by Madeleine Johnson
The Webmaster is always interest in posting reports of readers’ pilgrimage to the Meuse-Argonne and the other American battles of WW1. Thanks to Madeleine Johnson for sharing her story.
After months of “chasing the Hun,” the Occupation of Germany offered the Third Army many pleasures–a beautiful setting, Rhine wine, baseball. My great uncle, Lothar R. Long, a Captain of the 6th Machine Gun Battalion in the 4th Marine Brigade who aspired to be a journalist, particularly enjoyed newspapers and magazines from home.
He did not always like what he read, especially if it was about the war. In March 1919, he wrote home: “Anyone who ‘writes for publication’ has the contempt of all of us, if for no other reason than that, with the exception of some real newspaper people, most of the war dope published in the form of letters and narratives is bull. And the stuff that William Almon Wolff and Elizabeth Frazer write is bull. … But they must be true of course. These people have been in France, and therefore must know. And — conclusive truth — weren’t there among the illustrations pictures of the authors with helmets and mask at gas alert?”
The following week he relented: “After reading Elizabeth Frazer’s last story “The Last Fight,” I guess I ought to remove her from from the class with William Almon Wolf. It is such a brilliant word picture, in parts, of the last few days of the war that the article is really good.
Only one who had not been through the Argonne-Meuse [sic] battle could write so brilliantly about it. Such is life, and some of these jaded, blase boy-men who have gone through the middle of hell during the last year, will stack up poorly, unfavorably, dully, with the enthusiastic, fresh fourragered talkative S.O.S. soldiers who have just recently had the thrilling experience of visiting our battlefield and picking up Boche souvenirs there.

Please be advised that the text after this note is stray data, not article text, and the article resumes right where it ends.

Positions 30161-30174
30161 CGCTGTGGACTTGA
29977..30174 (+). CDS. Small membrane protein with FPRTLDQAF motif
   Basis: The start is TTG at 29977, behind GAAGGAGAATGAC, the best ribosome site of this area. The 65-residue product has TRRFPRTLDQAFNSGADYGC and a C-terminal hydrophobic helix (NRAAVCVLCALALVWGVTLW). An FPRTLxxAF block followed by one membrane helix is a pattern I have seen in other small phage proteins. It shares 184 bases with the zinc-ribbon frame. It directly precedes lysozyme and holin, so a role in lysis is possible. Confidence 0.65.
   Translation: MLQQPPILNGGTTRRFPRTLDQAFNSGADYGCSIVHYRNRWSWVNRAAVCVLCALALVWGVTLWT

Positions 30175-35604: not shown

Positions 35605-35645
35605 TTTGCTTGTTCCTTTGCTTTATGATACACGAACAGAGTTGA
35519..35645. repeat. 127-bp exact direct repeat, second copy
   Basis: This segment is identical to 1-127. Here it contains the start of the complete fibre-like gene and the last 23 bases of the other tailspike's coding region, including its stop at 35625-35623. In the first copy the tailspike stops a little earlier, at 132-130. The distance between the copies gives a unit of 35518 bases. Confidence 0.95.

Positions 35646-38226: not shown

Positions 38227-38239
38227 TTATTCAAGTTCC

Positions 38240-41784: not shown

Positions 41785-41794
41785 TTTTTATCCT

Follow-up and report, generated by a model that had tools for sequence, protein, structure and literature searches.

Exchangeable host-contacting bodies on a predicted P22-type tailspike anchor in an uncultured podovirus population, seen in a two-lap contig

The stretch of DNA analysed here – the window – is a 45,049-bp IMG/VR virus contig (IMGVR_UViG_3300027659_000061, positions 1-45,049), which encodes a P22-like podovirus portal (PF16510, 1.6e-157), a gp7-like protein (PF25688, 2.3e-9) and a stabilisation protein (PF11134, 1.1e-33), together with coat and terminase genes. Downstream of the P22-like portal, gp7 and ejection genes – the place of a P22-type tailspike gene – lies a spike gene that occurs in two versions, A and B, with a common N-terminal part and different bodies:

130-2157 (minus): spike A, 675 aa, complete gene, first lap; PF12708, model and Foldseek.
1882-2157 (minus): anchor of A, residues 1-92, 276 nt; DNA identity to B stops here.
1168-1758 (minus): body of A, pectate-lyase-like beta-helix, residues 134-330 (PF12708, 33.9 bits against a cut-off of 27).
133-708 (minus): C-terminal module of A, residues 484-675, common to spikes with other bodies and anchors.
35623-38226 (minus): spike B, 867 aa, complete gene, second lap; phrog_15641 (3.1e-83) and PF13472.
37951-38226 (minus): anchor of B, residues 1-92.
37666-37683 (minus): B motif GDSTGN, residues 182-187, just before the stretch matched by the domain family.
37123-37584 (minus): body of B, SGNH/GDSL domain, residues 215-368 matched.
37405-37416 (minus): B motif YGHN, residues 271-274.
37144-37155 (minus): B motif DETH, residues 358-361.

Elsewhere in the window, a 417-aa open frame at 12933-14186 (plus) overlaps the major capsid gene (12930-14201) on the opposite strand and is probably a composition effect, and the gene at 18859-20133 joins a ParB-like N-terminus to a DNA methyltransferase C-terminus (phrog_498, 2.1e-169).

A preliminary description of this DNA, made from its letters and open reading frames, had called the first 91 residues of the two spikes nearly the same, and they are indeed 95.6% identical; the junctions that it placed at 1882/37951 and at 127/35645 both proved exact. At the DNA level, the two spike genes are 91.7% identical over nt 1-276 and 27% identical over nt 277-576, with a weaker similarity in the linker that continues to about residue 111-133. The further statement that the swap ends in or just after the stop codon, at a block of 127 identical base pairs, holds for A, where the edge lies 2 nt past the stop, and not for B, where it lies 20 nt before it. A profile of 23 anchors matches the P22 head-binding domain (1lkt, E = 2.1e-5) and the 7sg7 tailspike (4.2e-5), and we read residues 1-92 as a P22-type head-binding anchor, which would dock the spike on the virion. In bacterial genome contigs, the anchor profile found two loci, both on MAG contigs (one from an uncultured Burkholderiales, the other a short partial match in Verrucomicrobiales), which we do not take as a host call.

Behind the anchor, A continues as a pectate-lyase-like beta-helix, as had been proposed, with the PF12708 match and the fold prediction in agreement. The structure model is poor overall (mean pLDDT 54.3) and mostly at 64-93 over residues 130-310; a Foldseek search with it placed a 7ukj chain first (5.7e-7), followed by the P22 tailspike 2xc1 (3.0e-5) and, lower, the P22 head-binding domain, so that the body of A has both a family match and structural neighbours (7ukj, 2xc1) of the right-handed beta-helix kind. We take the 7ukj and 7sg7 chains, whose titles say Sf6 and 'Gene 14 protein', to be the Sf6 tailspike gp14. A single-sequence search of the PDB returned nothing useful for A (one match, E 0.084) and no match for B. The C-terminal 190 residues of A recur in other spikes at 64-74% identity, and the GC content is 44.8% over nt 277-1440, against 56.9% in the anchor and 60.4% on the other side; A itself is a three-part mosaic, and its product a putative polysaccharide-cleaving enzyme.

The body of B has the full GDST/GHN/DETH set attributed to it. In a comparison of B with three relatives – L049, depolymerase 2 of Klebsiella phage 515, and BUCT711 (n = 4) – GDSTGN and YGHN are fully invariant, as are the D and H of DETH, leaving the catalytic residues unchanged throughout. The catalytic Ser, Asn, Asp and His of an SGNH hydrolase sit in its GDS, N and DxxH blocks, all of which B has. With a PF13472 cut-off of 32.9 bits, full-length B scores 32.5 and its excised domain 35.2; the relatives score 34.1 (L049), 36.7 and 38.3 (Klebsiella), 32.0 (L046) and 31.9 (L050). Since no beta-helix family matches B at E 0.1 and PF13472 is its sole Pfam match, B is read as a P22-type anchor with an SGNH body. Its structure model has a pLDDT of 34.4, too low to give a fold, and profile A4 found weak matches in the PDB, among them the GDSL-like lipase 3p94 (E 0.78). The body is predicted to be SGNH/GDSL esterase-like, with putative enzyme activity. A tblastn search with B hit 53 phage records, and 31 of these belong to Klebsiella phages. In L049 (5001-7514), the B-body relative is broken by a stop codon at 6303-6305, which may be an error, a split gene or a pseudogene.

So naturally we slide into the attitude that ‘it would be better if all newspaper and magazine writers would stay the hell away from us’ and we vow that nothing we ever write home will ever get into print.”
“The Last Fight,” which appeared in the 8 February, 1919 Saturday Evening Post was Elizabeth Frazer’s report on forty-eight hours after the Armistice. She covered the Parisians’ initial reaction–deep suspicion–and a trip to the Meuse-Argonne, to see “where men got the hell and the world got the glory.”
The forty-year-old Frazer was a California native and graduate of U.C. Berkeley. She got her journalistic break while working as a nurse in France and obtained military accreditation, which was hard to get and rare among many self-appointed “war correspondents.”
Taking a roundabout train and auto route from Paris, Frazer reached Beaumont, the headquarters of the 4th Marine Brigade. There she met her guide to the battlefields “Brigadier General N—–” (probably Wendell Neville, Commander of the 4th Marine Brigade.)
Frazer hoped her trip in the general’s touring car along roads that were churned to “thick custard” would show far-away readers what the French had seen up close–the “pangs her soldiers have borne: the fatigue and fear, dysentery, influenza, pneumonia and cold that cut down “magnificent kids who, soul-strong but body-weak toppled from sickness or fatigue.” Frazer described the huge traffic jams of motor lorries, ambulances or “dragged-out pack mules” that kept men hungry or without ammunition. She passed “snug” German bunkers clinging like cliff-dwellings to hillsides, woods filled with horse carcasses and ground martyred by artillery and tangles of barbed wire. Graves were everywhere, in large clusters, including one of 88, and lonelier crosses grouped in “fives and twos and one.”